UK to Fine Social Media Firms Over ‘Harmful Content’

UK to Fine Social Media Firms Over ‘Harmful Content’
PYONGYANG, NORTH KOREA - APRIL 02: North Korean children learn to use the computer in a primary school on April 2, 2011 in Pyongyang, North Korea. Pyongyang is the capital city of North Korea and the population is about 2,500,000. (Photo by Feng Li/Getty Images)
Alexander Zhang

Social media platforms such as Facebook and Twitter will face huge fines in the UK if they fail to protect people from “harmful content,” the British government announced on Tuesday.

Companies that fail in their “duty of care” will be fined up to £18 million (US$24 million) or 10 percent of annual global turnover, whichever is higher, under new laws proposed by the government.

Senior managers at the offending firms could face criminal charges, and non-compliant services may be blocked from being accessed in the UK.

Britain’s Digital Secretary Oliver Dowden said that the UK is “setting the global standard for safety online.”

“We are entering a new age of accountability for tech to protect children and vulnerable users, to restore trust in this industry, and to enshrine in law safeguards for free speech,” he said in a statement.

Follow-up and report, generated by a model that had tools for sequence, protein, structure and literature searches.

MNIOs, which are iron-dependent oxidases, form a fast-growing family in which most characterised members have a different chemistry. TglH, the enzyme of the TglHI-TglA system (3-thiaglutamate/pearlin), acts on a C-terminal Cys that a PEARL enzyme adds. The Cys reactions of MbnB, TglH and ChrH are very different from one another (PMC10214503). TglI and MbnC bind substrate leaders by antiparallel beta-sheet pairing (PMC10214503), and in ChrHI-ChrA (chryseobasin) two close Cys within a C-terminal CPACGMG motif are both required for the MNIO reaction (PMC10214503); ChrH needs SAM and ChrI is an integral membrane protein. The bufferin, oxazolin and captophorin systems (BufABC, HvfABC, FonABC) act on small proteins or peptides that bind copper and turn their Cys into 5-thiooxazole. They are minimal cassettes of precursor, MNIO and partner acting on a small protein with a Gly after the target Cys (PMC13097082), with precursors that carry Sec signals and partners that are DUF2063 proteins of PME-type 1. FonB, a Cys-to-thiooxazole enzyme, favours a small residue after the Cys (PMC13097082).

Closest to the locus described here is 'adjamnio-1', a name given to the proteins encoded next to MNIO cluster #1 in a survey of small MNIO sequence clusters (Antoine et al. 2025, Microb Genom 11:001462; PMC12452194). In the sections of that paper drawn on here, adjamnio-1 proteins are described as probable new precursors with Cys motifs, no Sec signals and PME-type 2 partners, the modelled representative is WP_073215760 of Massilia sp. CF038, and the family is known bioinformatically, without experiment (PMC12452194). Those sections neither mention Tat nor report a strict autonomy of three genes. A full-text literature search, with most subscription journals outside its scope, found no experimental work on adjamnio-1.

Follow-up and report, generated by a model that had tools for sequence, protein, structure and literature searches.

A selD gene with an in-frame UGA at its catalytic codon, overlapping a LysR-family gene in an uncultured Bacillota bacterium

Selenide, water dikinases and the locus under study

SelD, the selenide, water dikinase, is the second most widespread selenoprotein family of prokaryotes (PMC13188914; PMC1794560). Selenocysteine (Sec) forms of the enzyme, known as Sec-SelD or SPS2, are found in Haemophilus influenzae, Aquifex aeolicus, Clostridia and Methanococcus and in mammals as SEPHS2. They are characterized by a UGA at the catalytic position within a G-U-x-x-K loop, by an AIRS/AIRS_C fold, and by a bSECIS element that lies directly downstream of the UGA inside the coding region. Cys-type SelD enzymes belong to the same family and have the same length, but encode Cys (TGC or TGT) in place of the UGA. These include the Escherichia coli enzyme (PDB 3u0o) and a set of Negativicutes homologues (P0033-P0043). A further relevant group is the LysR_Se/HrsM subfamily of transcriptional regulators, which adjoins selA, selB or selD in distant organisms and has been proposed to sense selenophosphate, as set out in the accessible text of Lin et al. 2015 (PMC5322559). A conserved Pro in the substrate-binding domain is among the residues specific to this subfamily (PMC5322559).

“Tech platforms will need to do far more to protect children from being exposed to harmful content or activity such as grooming, bullying, and pornography,” said the government.

Social media platforms, websites, and other online service providers must remove illegal content such as child sexual abuse, terrorist materials, and suicide content, the government said, adding that it is in discussion with the Law Commission on whether the promotion of self-harm should also be made illegal.

Home Secretary Priti Patel said the government is giving internet users “the protection they deserve.”

“We will not allow child sexual abuse, terrorist material, and other harmful content to fester on online platforms. Tech companies must put public safety first or face the consequences,” she said.

The biggest social media sites are also expected to set out how they will handle “content which is legal but could cause significant physical or psychological harm to adults,” which the government said includes “dangerous disinformation and misinformation about coronavirus vaccines.”

The UK began vaccinating patients against the CCP (Chinese Communist Party) virus on Dec. 8, becoming the first country to roll out the Pfizer/BioNTech COVID-19 vaccine.
A day later, Britain’s medicine regulator, the Medicines and Healthcare Products Regulatory Agency (MHRA) warned that people with “a significant history of allergic reactions” should not receive the vaccine, after three people fell ill after getting the jab.
But the regulator reassured the public that they can be “completely confident” of the vaccine’s safety, quality, and effectiveness.